Represented in the above FDC:
Goal 1: Eradicate extreme poverty and hunger.
Goal 2: Achieve universal primary education.
Goal 3: Promote gender equality and empower women.
Goal 4: Reduce child mortality.
Goal 5: Improve maternal health.
Goal 6: Combat HIV/AIDS, malaria and other diseases.
Goal 7: Ensure environmental sustainability.
Goal 8: Develop a global partnership for development.
Date of Issue: September 25, 2009.
Format: 35 mm horizontally by 35 mm vertically, perforation to perforation.
Marginal inscriptions: The horizontal mini-sheets of eight stamps have two marginal inscriptions, one in the left margin and one in the right margin. The marginal inscription consists of the United Nations emblem with the text "United" above and the text "Nations 2009" below the emblem. There is a tab on the top margin containing a statement by the Secretary-General of the United Nations, BAN Ki-moon. In addition, one copyright symbol with the year 2009 appears in the lower left margin.
Sheet Format: The sheet consists of eight perforated stamps with a tab on the top. The size of the stamp sheet is 160 mm horizontally by 120 mm vertically.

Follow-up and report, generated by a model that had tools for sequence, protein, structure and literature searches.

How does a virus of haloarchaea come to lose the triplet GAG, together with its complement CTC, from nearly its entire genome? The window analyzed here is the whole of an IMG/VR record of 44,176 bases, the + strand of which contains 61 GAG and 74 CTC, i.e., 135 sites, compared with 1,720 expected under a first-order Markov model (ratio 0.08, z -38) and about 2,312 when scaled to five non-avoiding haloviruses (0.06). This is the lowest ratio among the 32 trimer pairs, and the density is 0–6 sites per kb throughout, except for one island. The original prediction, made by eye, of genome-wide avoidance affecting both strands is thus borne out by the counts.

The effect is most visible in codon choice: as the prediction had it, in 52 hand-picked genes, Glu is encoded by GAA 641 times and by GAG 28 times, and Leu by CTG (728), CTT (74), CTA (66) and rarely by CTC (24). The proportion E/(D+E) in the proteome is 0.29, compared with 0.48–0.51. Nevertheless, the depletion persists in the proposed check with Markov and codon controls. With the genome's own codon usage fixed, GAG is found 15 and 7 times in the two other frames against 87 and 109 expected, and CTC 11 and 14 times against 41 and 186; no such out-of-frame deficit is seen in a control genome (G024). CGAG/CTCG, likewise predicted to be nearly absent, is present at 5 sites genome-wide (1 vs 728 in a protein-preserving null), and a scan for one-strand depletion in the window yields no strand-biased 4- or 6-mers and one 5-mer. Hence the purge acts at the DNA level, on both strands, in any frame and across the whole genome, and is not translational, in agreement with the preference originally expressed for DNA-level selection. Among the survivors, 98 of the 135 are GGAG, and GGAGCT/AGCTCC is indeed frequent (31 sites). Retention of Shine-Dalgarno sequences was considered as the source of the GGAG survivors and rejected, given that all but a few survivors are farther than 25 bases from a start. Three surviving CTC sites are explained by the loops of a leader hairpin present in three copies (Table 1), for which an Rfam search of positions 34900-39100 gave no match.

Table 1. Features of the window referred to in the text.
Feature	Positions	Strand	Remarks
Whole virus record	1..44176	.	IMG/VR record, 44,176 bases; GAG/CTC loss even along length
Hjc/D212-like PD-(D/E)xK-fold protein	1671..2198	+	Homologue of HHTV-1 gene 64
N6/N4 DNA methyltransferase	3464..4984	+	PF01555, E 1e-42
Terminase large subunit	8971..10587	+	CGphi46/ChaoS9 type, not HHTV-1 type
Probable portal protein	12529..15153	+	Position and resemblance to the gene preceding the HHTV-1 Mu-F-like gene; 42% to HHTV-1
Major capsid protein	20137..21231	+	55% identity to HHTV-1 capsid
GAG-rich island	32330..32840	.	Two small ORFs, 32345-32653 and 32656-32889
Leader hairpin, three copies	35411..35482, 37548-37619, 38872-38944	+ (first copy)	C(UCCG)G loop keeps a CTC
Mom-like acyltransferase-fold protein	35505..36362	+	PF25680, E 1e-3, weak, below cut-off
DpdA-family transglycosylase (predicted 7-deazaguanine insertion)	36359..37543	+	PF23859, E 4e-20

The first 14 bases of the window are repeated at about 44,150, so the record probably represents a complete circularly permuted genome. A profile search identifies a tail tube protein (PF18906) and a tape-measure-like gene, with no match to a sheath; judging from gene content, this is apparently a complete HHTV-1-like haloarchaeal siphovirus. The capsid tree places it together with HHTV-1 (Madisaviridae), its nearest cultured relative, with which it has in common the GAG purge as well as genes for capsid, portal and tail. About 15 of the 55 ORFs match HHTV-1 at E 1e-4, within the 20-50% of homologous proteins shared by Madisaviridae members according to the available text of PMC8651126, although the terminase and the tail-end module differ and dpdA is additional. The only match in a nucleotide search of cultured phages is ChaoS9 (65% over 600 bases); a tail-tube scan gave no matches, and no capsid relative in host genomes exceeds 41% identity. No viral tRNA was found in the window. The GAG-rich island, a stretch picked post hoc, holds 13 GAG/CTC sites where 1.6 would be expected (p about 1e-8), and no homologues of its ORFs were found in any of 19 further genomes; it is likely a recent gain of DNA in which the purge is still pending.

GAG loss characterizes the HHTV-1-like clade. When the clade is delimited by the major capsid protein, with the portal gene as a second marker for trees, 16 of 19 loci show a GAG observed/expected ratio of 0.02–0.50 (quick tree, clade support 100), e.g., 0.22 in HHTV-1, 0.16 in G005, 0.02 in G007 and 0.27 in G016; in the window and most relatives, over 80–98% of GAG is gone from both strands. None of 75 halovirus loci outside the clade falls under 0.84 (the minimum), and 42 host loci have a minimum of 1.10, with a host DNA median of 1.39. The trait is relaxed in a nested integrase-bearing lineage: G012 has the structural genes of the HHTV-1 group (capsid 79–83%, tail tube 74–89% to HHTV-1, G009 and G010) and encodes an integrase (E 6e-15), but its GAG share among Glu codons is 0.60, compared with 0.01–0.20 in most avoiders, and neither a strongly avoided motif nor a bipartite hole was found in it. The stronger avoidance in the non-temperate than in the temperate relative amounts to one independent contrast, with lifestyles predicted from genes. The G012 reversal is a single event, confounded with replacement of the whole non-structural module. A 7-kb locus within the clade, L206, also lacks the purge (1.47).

First Day Cancellations Designed By:
Geneva - Designed by Francois Guiol
Vienna - Designed by Maria Schulz
On 25 September 2009, the United Nations Postal Administration (UNPA) issued a set of 24 commemorative stamps in a mini-sheet format of eight stamps each on the theme "UN Millennium Development Goals".
In September 2000, building upon a decade of major United Nations conferences and summits, world leaders came together at United Nations Headquarters in New York to adopt the United Nations Millennium Declaration, committing their nations to a new global partnership to reduce extreme poverty and setting out a series of time-bound targets - with a deadline of 2015 - that have become known as the Millennium Development Goals.
The 2005 World Summit, held from 14 to 16 September at United Nations Headquarters in New York, brought together more than 170 Heads of State and Government. It was a once-in-a-generation opportunity to take bold decisions in the areas of development, security, human rights and reform of the United Nations. The agenda was based on an achievable set of proposals outlined in March 2005 by Secretary-General Kofi Annan in his report "In Larger Freedom".
The Millennium Development Goals (MDGs) are the world's time-bound and quantified targets for addressing extreme poverty in its many dimensions-income poverty, hunger, disease, lack of adequate shelter and exclusion - while promoting gender equality, education and environmental sustainability. They are also basic human rights - the rights of each person on the planet to health, education, shelter and security.